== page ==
Total Shoulder and Reverse Shoulder Replacement

Hi, my name is Brad Jaquith. My specialty is knees and shoulders and I practice at Fort Sanders Regional Medical Center and at TOC Sevierville.

What is a Total Shoulder Replacement?

Well, a total shoulder replacement is similar to like a knee or hip replacement in that you’re replacing parts within the shoulder. In the shoulder, it’s a ball and socket joint, so you’re replacing the ball and the socket so that when the shoulder is moving, you don’t have that pain and grinding, similar to like you would in your knee or your hip.

The Two Types of Shoulder Replacements

There’s two different types of shoulder replacements. You have your standard conventional type shoulder replacement and you also have what’s called a reverse shoulder replacement where the ball and socket are reversed or on the opposite sides.

Standard Total Shoulder Replacement

A standard total shoulder replacement is more for patients that have shoulder arthritis but also still have a good rotator cuff.

Reverse Shoulder Replacement

The reverse shoulder replacement is designed specifically for patients that don’t have a functioning rotator cuff and can be used for a number of different options, including irreparable rotator cuff tears or severe fractures of the shoulder and can be a really good option for treatment.

The Shoulder Replacement Procedure

The procedure itself is an open-type procedure. Make an incision through the front part of the shoulder. It’s probably a six, seven centimeter incision. You go down and you have to remove a portion of the bone and generally have to take a small portion of the socket in order to make the parts fit. There’s two different types. The procedures themselves, they’re fairly similar in between a conventional and a reverse, it’s just the orientation of the parts are different.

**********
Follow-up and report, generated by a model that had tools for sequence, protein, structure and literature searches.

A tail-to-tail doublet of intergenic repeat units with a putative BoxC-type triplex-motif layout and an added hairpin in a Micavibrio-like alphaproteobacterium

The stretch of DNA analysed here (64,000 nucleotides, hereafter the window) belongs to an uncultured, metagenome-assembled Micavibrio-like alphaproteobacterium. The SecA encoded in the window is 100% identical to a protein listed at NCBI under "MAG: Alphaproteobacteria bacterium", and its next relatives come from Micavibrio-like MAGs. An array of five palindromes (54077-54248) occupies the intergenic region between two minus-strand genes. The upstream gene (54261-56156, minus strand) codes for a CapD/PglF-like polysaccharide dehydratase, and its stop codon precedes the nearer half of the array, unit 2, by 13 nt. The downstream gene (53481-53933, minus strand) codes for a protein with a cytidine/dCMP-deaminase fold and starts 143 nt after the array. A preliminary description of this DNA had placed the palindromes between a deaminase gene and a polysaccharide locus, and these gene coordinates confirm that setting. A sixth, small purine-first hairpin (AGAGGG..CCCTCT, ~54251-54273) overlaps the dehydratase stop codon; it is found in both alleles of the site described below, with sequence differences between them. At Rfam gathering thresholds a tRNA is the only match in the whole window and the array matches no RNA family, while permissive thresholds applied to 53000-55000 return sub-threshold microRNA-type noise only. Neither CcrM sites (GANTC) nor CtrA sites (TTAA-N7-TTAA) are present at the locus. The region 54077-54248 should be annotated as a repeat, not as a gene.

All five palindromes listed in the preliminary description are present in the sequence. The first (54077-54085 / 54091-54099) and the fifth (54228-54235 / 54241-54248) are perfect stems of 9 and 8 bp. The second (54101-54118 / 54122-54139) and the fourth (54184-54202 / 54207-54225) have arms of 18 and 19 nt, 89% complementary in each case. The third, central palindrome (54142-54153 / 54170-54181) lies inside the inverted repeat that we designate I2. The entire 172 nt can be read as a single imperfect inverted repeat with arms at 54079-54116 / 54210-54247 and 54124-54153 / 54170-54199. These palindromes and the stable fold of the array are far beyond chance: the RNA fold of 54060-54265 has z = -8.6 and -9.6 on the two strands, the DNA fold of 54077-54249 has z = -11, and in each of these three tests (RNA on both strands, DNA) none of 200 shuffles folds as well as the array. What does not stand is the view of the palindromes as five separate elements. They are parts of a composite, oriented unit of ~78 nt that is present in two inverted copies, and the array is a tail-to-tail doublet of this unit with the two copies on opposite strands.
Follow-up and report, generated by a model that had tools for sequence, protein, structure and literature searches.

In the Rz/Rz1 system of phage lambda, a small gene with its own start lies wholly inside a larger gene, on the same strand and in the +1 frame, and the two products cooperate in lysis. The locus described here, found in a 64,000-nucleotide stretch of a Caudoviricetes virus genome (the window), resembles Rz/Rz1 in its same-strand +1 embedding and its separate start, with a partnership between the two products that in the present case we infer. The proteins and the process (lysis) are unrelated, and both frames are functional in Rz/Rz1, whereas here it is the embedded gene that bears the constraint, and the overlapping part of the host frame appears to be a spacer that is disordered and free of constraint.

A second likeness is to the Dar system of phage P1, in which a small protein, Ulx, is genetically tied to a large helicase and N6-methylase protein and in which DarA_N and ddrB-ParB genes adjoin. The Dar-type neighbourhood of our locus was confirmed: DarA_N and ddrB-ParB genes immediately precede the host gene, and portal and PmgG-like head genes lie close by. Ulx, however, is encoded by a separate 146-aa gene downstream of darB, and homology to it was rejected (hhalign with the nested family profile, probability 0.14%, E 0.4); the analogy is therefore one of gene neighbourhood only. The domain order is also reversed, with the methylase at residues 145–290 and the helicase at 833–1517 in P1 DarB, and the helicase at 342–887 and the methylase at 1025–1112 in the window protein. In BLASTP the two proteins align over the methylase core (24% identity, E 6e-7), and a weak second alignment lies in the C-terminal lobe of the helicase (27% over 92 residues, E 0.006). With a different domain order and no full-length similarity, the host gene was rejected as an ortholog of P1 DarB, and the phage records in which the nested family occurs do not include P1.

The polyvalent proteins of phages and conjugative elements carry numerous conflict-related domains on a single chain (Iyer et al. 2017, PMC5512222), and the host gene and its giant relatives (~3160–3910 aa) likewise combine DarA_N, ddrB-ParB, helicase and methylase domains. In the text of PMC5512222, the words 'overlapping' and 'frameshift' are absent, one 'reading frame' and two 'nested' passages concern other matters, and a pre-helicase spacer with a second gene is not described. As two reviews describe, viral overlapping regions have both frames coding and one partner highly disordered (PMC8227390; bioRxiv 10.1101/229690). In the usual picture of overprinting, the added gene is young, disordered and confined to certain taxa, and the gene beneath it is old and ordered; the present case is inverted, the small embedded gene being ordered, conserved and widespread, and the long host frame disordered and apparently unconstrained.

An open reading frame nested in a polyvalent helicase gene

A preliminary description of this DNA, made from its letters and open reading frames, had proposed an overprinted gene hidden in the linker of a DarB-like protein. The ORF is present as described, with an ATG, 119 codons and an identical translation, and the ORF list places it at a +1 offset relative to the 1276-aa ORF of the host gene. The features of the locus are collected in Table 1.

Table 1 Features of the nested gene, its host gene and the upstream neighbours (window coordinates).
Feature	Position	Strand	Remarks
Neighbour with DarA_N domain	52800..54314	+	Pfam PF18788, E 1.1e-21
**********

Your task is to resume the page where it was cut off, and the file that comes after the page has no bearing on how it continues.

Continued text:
The Goal of Shoulder Replacement Surgery

The number one goal in terms of shoulder replacement surgery is pain relief. Many of these patients have hurt for a long time due to severe arthritis. Pain relief is fairly predictable, with 90 to 95% experiencing significant pain relief and almost no pain. The duration and how long the replacements last is around 95% survivorship, but 15 to 20 years.

Shoulder Replacement Surgery Recovery

The recovery after shoulder replacement surgery is generally about a three months process. The first six weeks is in a sling with not using the arm very much, and then progressing to using the arm more and more over the next six weeks. And at three months, you really can do whatever you would like to do and you’re really can get back to normal activities, and you really can change your life.



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